For the rest of the day we organized the medical equipment, collected more and more bottles of pills and medical supplies, trying to find a place to properly dispose of everything and a place for his memorial.

Serena, Janet, Gloria, Alan and I went out to check out a few spots to have his memorial. After a few calls, an attempt to burn out the clutch and several site visits – we finally found a place thanks to my research advisor. Long and emotional day… and feeling weak and weary from tears and heartache, we gathered together and went out to eat and then went to our respective homes to try and get some sleep.

Day 1

We are now back at Alex's old place making final arrangements for his memorial service.

Please stay posted as we finalize the information.

At a high level it will be held this Sunday, at 11am in Half Moon Bay, CA.

Written by: Blase B. Iuliano
Edited by: Janet Cheng

Wednesday, March 24, 2010


Hey Alex-fans!

So my name is Blase and I’ll be updating Alex’s blog on his behalf with the help of others. Please bear with me as this is my first time blogging.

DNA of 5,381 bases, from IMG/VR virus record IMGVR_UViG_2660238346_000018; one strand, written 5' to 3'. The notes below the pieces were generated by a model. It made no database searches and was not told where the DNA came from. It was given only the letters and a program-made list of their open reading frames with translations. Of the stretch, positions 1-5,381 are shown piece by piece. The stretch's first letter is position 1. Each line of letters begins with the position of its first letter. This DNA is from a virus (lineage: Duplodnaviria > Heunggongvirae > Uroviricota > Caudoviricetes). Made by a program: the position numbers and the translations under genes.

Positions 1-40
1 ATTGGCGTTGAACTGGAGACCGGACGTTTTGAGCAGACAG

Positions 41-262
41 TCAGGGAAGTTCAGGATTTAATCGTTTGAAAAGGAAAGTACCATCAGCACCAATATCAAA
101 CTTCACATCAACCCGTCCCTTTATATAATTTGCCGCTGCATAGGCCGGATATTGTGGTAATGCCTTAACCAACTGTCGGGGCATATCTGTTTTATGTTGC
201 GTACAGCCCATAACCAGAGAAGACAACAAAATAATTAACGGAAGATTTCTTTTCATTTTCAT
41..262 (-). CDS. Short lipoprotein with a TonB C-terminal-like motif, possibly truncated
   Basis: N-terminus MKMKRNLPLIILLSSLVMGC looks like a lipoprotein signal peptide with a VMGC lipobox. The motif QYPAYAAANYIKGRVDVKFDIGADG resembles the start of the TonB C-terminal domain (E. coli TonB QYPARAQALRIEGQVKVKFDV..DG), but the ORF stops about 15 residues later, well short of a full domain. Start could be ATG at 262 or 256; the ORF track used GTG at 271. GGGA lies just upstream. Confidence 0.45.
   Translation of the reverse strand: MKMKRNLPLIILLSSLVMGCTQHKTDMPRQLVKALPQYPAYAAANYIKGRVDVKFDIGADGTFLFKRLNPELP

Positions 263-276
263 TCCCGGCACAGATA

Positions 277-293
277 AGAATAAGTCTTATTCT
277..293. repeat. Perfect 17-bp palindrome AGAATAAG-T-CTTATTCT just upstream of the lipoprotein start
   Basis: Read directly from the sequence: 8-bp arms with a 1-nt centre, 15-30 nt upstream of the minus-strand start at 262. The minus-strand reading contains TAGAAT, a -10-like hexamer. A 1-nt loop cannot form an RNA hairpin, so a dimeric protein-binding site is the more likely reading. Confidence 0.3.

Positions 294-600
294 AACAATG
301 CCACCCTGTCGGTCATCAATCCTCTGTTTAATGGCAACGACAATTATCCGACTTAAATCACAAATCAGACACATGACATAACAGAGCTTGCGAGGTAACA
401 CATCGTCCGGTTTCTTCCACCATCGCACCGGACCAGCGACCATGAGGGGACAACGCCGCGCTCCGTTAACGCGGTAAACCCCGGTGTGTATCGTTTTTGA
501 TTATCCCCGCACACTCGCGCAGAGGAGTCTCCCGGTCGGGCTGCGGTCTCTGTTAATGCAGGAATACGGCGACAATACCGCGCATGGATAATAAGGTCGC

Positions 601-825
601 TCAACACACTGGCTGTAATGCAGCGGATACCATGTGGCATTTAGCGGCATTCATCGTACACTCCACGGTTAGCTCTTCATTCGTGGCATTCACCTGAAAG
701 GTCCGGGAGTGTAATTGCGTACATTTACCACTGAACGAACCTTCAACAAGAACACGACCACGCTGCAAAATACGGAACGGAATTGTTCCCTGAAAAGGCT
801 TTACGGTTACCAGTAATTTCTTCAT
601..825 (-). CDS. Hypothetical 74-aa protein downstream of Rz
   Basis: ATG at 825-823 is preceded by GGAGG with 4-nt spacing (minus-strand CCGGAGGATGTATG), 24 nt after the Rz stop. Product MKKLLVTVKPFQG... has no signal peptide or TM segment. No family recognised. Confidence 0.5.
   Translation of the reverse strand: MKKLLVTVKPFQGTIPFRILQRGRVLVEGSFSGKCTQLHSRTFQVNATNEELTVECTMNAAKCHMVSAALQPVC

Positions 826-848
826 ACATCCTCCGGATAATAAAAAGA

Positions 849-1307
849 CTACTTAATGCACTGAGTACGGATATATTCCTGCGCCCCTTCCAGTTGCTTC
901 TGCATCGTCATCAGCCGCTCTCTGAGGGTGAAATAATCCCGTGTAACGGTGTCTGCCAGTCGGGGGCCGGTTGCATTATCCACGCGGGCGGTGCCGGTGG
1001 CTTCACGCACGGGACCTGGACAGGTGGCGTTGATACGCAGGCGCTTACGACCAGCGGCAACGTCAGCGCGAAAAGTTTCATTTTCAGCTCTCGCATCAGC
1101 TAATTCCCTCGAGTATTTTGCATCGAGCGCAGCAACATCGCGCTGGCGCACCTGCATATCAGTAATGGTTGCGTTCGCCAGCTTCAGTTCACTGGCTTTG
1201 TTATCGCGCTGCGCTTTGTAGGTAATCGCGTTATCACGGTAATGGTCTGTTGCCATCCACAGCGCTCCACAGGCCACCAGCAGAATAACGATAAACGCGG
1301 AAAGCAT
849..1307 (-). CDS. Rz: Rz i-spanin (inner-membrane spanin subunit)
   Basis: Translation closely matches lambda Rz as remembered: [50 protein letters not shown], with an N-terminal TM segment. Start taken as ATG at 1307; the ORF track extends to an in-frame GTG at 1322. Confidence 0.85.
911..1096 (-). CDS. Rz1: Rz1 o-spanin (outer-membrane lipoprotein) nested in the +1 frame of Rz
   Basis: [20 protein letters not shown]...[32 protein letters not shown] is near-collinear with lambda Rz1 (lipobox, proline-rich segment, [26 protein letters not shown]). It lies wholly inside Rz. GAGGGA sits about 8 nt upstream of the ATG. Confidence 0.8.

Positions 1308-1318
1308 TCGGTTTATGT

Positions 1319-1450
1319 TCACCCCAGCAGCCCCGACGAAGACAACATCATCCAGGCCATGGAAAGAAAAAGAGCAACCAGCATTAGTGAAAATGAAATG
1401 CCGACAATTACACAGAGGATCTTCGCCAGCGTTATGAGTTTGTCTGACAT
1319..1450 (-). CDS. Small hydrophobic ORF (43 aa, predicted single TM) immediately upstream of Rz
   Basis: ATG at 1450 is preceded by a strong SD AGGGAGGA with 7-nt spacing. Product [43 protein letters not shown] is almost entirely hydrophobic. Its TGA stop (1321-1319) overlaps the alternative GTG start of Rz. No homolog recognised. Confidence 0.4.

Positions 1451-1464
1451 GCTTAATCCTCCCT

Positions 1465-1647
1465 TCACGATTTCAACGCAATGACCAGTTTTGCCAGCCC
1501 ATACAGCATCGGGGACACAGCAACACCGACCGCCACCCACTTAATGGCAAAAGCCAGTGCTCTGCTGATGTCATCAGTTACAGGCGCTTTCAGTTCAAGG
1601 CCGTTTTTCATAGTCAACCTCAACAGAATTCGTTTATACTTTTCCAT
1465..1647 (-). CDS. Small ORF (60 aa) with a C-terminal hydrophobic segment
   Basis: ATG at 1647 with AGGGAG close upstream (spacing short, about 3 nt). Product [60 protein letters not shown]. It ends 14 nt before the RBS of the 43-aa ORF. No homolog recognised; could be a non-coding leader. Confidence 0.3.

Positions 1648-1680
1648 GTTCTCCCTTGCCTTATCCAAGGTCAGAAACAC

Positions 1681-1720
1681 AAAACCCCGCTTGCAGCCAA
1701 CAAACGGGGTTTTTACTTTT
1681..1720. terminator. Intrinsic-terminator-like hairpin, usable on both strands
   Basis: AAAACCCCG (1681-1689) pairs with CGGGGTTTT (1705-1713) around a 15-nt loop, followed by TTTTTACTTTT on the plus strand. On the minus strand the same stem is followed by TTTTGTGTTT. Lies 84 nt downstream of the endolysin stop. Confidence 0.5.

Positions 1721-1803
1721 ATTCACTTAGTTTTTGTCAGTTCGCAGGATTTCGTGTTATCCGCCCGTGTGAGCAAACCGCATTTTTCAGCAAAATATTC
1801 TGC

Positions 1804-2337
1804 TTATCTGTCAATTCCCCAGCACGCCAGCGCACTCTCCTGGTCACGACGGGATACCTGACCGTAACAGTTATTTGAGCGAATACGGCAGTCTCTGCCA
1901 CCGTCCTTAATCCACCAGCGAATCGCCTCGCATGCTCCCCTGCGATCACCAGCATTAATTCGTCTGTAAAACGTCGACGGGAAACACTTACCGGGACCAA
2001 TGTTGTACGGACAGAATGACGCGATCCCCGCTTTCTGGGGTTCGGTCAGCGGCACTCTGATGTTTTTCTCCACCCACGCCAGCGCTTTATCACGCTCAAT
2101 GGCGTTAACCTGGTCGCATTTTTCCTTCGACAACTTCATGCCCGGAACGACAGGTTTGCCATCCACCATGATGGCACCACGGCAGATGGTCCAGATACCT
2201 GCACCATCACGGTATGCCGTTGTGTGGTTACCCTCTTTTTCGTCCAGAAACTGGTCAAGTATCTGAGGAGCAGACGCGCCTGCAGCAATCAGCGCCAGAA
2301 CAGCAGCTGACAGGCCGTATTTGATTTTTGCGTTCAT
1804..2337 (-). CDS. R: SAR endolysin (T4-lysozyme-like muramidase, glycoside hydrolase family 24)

I’m a friend of Alex’s and have truly enjoyed our growing friendship over the years. He’s an amazing fellow – friendly, caring, smart… could work on his climbing footwork… but otherwise an all-around great guy. I met Alex when I taught the Strength & Conditioning rock climbing classes at Stanford University and we continued to be friends afterwards. Working for Lucile Packard Children’s Hospital (and having an understanding boss) has afforded me the ability to be near him throughout all of his treatments. My previous experiences of having a grandmother who passed due to cancer and a sister who just won her 4th battle with it, has helped me to have an understanding of what to expect next… not that it made it any easier.

So… now for the hard part.